What Medications Should You Not Take with Magnesium?

What medications should you not take with magnesium? What are the side effects and contraindications of magnesium? The right dosage and the right dose during a magnesium cure? The possible drug interactions? What are the problems due to the lack of magnesium in the human body? And finally, does magnesium prevent you from sleeping?

I. What Is Magnesium?

Magnesium is a mineral from a group of trace elements that plays a crucial role in the proper functioning of our body.

It helps stabilize blood sugar levels, provides good cardiovascular health, and enables more than 300 neurological and enzymatic reactions in our body.

It is found in our food via water and vegetables among other things, but unfortunately, in an industrial era, foodstuffs are becoming more and more depleted in magnesium especially because of the use of pesticides, which results in a good part of the western population suffering from a deficiency in this very important mineral.

II. What Medications Should You Not Take with Magnesium

# Can You Take Magnesium with Blood Pressure Medication

Magnesium consumption is useful in cases of high blood pressure. It is important if you are taking blood pressure medication, to tell your doctor before adding magnesium supplementation.

# Can You Take Antacids with Magnesium Citrate?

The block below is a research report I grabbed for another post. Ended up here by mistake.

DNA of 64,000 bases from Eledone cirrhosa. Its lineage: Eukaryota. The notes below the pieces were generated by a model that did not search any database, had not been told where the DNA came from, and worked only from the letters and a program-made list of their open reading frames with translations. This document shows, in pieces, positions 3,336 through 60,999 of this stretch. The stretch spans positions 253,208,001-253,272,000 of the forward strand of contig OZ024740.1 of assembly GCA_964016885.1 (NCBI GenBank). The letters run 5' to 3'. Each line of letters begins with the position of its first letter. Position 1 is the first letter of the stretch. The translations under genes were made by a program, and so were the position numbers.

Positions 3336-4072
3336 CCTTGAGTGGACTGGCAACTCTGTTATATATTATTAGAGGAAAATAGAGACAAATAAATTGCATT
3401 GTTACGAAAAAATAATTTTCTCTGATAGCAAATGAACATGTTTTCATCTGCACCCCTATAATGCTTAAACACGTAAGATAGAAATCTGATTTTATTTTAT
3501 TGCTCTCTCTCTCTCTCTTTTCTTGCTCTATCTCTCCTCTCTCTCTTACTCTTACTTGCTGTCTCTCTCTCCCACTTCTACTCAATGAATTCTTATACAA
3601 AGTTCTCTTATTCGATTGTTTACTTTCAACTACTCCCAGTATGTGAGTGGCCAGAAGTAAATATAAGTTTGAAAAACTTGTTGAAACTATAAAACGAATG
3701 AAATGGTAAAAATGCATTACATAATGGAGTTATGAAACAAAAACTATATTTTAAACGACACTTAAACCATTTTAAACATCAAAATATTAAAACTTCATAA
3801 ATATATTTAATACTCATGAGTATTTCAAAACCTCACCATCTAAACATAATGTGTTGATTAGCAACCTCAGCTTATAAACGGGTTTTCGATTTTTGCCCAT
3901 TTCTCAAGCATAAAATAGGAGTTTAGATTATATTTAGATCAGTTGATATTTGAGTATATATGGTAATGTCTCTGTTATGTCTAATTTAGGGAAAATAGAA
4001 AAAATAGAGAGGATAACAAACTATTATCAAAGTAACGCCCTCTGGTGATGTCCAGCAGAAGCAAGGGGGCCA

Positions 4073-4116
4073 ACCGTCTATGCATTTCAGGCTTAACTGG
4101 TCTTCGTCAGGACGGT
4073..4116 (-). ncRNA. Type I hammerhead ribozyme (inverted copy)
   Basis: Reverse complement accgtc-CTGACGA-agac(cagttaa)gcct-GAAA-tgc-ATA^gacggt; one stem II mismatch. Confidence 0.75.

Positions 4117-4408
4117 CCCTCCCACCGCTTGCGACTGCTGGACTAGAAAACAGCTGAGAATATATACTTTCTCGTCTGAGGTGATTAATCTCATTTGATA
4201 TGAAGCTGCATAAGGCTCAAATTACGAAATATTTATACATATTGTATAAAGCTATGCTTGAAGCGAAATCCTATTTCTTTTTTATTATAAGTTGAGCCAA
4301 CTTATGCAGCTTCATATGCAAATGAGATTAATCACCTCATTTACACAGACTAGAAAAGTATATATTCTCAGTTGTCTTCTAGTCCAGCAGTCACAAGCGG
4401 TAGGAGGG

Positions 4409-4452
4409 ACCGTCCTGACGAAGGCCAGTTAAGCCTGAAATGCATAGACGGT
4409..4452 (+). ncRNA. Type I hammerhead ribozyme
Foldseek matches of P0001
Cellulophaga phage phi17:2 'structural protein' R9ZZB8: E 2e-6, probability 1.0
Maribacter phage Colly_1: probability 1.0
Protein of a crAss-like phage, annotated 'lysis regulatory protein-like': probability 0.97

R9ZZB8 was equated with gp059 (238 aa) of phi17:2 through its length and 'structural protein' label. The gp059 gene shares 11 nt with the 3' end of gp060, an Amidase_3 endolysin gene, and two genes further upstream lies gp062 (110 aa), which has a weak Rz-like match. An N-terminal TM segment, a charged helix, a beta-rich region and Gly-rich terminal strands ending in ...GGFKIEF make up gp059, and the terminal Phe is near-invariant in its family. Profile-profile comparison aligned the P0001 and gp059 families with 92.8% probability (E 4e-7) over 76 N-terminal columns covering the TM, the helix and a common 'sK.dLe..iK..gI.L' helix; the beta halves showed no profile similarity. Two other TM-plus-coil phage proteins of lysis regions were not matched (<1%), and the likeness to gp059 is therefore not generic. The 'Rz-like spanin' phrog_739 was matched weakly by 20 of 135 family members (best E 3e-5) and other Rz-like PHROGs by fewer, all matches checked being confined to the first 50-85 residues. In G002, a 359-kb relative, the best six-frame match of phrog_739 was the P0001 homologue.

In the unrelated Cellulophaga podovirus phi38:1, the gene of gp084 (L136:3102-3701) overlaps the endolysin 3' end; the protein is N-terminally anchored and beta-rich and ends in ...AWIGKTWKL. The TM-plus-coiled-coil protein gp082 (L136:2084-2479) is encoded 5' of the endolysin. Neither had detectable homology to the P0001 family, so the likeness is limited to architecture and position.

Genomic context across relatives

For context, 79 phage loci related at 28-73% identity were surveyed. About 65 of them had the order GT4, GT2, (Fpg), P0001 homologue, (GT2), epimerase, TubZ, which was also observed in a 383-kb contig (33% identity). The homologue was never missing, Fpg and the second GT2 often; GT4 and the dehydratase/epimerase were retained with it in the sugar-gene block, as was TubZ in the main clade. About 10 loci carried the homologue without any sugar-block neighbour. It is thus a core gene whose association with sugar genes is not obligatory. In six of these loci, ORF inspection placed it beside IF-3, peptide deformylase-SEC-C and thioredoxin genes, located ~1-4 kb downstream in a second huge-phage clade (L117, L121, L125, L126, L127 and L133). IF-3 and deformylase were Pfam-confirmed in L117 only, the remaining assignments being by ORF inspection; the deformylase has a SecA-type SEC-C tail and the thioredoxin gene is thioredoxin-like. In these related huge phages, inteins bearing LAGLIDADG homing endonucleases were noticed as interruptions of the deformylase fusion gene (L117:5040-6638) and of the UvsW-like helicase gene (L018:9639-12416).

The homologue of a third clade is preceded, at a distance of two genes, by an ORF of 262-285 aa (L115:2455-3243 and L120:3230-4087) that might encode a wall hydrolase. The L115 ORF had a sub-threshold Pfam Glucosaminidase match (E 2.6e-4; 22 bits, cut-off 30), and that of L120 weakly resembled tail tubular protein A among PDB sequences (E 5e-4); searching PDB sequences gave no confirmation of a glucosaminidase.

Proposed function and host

Magnesium citrate acts in the body as an antacid. It is a dietary supplement that regulates the acidity level in the human body naturally.

Consult your doctor before combining it with an antacid.

# Can You Take Magnesium with Antidepressants?

There is no contraindication to taking magnesium and antidepressants. The results of certain studies have highlighted the effectiveness of magnesium on depression.

It would be possible to take magnesium and serotonergic antidepressants at the same time.

# Can You Take Magnesium with Blood Thinners

Taking anticoagulants must always be very well supervised. If you are already taking anticoagulants, it is necessary to ask your doctor for advice if you want to take magnesium.

# Can I Take Magnesium and Vitamin D Together?

Vitamin D plays an important role in calcium absorption and bone formation. Magnesium is an important mineral for the functioning of vitamin D.